According to a 2013 Barna Group study, of the 41 percent of American men and women who self-identify as Christians, only “14 percent emulate the actions and attitudes of Jesus.” I find that statistic both sobering—because so few seem to take God’s call to holiness seriously—and curious—because why would we not want to become like Jesus when true spiritual transformation improves every aspect of our lives, including how we age?
A Tale of Two Women
Before my husband and I got married, he lived in a second-floor apartment owned by an elderly woman. Throughout the day, he could hear Mabel singing as she puttered around beneath him. Anytime he needed affirmation or encouragement, he would walk in her always-unlocked door for a visit. Mabel was deaf because she contracted the measles in her 20s and had been unable to bear children. Additionally, she spent her last 10 years as a widow. Her life had not been easy, and yet she embraced each day as a gift.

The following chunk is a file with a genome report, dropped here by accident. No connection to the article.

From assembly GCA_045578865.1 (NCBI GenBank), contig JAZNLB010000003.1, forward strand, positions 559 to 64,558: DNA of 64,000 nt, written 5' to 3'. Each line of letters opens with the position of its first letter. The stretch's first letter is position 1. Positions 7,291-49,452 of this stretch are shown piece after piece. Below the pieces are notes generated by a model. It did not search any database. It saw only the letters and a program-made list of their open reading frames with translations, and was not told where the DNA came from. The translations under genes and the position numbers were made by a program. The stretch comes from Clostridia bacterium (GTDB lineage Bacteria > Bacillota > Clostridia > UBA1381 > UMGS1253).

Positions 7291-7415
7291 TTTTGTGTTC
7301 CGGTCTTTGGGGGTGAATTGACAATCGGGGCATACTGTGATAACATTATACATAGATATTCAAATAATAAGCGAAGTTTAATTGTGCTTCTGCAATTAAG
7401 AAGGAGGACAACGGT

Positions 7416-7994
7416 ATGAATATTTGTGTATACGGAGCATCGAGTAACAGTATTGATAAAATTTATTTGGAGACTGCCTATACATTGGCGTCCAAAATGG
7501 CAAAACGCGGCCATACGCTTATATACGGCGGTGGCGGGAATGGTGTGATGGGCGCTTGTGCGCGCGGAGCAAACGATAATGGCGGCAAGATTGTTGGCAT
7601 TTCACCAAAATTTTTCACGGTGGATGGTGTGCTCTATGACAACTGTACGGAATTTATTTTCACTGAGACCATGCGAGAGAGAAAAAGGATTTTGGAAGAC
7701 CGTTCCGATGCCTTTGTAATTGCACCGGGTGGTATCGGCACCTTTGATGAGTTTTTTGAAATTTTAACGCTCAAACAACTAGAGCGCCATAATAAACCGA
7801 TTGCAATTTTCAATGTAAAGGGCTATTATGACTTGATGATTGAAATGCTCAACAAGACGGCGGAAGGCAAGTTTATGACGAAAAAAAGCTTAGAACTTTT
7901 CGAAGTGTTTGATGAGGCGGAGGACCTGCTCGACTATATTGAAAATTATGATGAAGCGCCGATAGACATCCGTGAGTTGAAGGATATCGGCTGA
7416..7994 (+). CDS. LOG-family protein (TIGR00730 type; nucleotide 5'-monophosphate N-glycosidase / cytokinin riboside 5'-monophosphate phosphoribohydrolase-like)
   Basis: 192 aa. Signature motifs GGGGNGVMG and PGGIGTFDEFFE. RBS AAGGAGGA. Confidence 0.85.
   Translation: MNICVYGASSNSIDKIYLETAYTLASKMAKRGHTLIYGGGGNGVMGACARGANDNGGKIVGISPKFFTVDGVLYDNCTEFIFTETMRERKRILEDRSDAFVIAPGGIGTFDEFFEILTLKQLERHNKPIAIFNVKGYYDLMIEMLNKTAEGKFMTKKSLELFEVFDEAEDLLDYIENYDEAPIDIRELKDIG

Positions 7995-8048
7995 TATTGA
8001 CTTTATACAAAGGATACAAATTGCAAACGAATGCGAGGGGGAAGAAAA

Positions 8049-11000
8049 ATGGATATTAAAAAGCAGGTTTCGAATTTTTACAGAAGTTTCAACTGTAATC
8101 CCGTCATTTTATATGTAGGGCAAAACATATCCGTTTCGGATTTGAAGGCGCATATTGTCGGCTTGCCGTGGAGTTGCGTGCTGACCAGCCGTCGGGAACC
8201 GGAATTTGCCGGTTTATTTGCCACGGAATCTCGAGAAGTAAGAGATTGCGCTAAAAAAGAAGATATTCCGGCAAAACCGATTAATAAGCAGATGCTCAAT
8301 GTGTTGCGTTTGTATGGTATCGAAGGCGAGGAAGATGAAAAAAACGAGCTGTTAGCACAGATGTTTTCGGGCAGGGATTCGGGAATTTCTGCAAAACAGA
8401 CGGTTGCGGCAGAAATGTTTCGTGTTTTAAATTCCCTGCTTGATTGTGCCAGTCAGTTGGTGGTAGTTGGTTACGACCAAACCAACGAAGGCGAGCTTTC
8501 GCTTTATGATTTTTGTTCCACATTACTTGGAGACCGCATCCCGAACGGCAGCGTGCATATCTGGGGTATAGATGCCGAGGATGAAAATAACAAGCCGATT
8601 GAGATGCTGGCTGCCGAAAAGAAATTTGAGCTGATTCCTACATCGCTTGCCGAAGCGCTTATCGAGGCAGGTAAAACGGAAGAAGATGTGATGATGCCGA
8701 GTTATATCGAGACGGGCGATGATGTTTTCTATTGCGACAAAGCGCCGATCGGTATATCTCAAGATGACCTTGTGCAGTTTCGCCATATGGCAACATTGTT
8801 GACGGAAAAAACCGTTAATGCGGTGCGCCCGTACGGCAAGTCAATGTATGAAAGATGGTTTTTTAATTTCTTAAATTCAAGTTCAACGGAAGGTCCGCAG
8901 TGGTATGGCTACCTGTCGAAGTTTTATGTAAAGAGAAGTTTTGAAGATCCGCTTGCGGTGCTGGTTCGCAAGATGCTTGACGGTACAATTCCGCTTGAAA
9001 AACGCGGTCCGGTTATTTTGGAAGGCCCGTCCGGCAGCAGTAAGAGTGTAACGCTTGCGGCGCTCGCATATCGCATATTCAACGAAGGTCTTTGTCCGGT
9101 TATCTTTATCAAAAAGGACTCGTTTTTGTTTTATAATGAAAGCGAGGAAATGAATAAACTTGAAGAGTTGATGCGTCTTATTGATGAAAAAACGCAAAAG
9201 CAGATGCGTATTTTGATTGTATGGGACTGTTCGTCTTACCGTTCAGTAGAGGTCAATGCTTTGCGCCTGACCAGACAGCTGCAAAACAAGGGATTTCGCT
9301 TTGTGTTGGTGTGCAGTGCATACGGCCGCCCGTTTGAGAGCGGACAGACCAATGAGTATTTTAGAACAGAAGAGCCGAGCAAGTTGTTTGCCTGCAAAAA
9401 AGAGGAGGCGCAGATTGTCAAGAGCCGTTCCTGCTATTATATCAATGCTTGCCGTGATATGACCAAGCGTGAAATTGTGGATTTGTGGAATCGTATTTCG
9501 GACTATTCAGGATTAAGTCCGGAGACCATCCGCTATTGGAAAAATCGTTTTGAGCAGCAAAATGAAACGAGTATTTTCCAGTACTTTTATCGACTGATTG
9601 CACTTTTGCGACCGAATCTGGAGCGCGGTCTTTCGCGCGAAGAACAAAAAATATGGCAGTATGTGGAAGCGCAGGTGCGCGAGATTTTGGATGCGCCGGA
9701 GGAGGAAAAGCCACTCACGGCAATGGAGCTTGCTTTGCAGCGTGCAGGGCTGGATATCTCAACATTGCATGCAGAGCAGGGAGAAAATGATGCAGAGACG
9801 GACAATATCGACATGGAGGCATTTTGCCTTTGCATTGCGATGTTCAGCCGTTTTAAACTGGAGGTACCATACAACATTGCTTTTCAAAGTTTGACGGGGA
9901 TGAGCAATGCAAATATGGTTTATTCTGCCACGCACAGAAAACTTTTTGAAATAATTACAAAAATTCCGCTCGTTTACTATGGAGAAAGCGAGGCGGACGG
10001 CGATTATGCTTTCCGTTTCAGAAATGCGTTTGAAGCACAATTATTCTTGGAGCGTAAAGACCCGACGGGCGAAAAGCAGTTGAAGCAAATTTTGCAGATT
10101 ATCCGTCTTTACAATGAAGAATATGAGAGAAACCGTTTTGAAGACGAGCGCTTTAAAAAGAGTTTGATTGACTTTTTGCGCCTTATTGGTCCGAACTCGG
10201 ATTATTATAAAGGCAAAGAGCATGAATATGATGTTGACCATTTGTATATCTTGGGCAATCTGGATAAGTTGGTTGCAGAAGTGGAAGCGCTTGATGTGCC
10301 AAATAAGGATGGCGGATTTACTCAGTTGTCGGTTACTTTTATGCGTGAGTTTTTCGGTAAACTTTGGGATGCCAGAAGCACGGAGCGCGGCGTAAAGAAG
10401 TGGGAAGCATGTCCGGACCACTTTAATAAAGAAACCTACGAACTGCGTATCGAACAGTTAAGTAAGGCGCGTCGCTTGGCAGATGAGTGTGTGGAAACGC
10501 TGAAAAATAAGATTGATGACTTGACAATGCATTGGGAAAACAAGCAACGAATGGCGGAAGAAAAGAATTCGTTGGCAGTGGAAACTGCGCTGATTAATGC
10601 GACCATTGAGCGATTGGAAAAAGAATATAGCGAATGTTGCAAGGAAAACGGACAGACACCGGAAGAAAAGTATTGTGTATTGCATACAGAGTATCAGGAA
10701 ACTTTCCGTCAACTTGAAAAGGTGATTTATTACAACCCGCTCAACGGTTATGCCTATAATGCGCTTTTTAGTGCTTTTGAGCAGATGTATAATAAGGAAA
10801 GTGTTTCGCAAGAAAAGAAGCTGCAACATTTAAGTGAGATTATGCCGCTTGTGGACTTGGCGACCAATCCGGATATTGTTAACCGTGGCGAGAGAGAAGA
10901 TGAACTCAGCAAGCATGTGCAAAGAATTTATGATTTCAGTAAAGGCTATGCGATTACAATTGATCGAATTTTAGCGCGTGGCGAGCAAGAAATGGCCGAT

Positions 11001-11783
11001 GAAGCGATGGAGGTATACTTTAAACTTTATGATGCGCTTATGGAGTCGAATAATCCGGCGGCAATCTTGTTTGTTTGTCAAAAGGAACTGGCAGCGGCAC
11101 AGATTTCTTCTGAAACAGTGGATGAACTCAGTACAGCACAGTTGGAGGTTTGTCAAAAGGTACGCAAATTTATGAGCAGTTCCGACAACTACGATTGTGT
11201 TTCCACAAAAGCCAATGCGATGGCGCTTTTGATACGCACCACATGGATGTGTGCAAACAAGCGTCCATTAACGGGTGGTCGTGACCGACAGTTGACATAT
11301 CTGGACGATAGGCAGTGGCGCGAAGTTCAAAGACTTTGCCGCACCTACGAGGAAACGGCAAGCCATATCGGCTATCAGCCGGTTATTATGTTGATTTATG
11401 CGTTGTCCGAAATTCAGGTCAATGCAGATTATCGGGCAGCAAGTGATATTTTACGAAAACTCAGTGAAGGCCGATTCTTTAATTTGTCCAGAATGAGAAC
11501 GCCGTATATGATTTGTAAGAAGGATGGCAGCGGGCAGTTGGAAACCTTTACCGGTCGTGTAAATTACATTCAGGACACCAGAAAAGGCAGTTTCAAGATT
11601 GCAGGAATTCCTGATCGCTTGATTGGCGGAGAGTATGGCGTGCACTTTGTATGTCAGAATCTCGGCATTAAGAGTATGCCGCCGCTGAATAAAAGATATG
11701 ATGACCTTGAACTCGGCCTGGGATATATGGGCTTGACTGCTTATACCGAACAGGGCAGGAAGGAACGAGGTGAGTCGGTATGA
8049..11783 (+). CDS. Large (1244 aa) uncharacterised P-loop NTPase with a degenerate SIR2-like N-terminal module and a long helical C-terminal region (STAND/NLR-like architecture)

Like Mabel, Mary was another woman we knew who also lost her husband prematurely. Unlike Mabel, she had birthed and raised two sons, both of whom had done well in their careers and in their marriages. Not infrequently, Mary expressed anger and bitterness toward her deceased husband, her daughter-in-law, and her neighbors for (in her opinion) failing her. Where my husband always walked away from Mabel’s feeling encouraged and full of joy, he emerged from Mary’s drained and grouchy.1